Mississippi Department of Human Services and Richard Berry, in His Capacity of Executive Director of MDHS v. D.C., by and through his Next Friend and Natural Mother, Georgia Morin – suit against DHS for sexual abuse by foster parent – D.C. sued MDHS after he was sexually abused by his foster parent Jason Case. Jason Case applied with DHS to be a foster parent. He passed the requisite background checks but he was later accused of having sexually abused two brothers who had been placed in his care. DHS determined that the allegations of physical abuse were unsubstantiated. It then placed D. C. in Case’s care. DHS filed motions for summary judgment which were denied. DHS sought an interlocutory appeal which was granted. The MSSC affirms in part and reverses in part. It finds that the circuit court erred in denying DHS summary judgment for D.C.’s claims that stem from DHS’s licensing of the foster home, given the immunity DHS and its officers have under Section 43-15-125. The circuit court, though, did not err in denying DHS summary judgment under Section 11-46-9(d)(1) (discretionary function immunity) because DHS did not meet its burden to show that no genuine issue as to any material fact existed. “D.C. made multiple allegations outside of the context of the licensure of the foster home. D.C. argued that DHS ‘fail[ed] to establish and enforce proper and adequate procedures, policies and practices relating to children in the custody and control of DHS’ and ‘fail[ed] to protect [D.C.] from har[m] perpetrated by agents of DHS who had the responsibility for the care and custody of [D.C.].’ Also, Count Four alleged that DHS failed “to adequately and properly oversee and monitor the care and treatment of’ D.C. Further, Count Five argued that DHS failed ‘to monitor [D.C.]’s care and treatment.’ Similar allegations of the lack of care and treatment of foster children have been recognized as actionable under the MTCA. See Miss. Dep’t of Human Servs. v. S.W., 974 So. 2d 253, 259–60 (Miss. Ct. App. 2007) (finding that discretionary immunity did not bar suit when DHS did not ‘adhere to the minimum contact requirements[,] . . . . terminate[d] an investigation without fully performing the outlined duties’ and ‘failed to ensure that [the foster child] actually received the counseling for quite some time.’).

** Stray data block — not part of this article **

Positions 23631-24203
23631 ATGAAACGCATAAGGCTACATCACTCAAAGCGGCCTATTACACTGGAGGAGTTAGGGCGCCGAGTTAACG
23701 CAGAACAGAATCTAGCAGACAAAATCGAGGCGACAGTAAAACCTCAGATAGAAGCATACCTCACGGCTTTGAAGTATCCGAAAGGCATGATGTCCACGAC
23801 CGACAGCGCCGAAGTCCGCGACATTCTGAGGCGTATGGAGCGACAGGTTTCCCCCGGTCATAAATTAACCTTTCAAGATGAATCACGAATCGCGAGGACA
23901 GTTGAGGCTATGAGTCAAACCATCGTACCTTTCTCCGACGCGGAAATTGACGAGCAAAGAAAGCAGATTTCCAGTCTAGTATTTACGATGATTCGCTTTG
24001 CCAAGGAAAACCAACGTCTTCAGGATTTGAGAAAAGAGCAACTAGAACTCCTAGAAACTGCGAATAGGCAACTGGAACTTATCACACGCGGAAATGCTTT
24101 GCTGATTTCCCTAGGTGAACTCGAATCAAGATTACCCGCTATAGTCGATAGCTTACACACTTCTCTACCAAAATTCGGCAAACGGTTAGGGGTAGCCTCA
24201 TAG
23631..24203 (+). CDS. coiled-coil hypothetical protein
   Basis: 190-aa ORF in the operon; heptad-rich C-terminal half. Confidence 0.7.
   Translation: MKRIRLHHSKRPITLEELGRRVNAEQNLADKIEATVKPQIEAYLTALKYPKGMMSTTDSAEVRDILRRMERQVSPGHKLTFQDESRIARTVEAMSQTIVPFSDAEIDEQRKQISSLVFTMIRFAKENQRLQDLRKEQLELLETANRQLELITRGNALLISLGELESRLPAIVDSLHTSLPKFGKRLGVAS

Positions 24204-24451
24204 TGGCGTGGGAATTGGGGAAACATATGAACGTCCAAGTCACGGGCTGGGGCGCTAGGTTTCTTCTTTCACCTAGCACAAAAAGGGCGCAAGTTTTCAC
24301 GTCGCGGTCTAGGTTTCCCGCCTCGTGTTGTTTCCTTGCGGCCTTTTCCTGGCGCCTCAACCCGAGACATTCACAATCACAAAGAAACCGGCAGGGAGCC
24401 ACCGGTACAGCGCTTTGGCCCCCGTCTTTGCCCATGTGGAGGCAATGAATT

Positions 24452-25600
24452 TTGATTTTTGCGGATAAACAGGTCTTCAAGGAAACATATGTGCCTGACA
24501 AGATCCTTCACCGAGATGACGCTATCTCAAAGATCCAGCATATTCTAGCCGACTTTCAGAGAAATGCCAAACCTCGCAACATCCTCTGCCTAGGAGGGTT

DHS’s motion for summary judgment failed to demonstrate that there was no genuine issue of any material fact on these claims. While DHS did allege in its motion that it followed ‘[a]ll policies and procedures,’ there was no support for this allegation outside of the context of licensure of the foster home.”
The Court grants cert in Sharon Mark v. City of Hattiesburg, Mississippi, Mayor Johnny Dupree, Kim Bradley, Deborah Denard Delgado, Carter Carroll, Dave Ware and Henry E. Naylor (the link is to the COA opinion) – Sharon Mark started working for the City in 1991 as a records clerk. In 2004 she became the city clerk. In 2012 rumors began circulating that there were problems in the municipal courts. Some of these rumors involved Mrs. Mark. She sued claiming the defendants slandered her and released confidential medical information (Mrs. Mark was ill and had taken some leave during the summer of 2012). The trial court granted summary judgment to the City and then a directed verdict for the individual defendants. Mrs. Mark appealed. The COA affirmed. Mrs. Mark’s cert. petition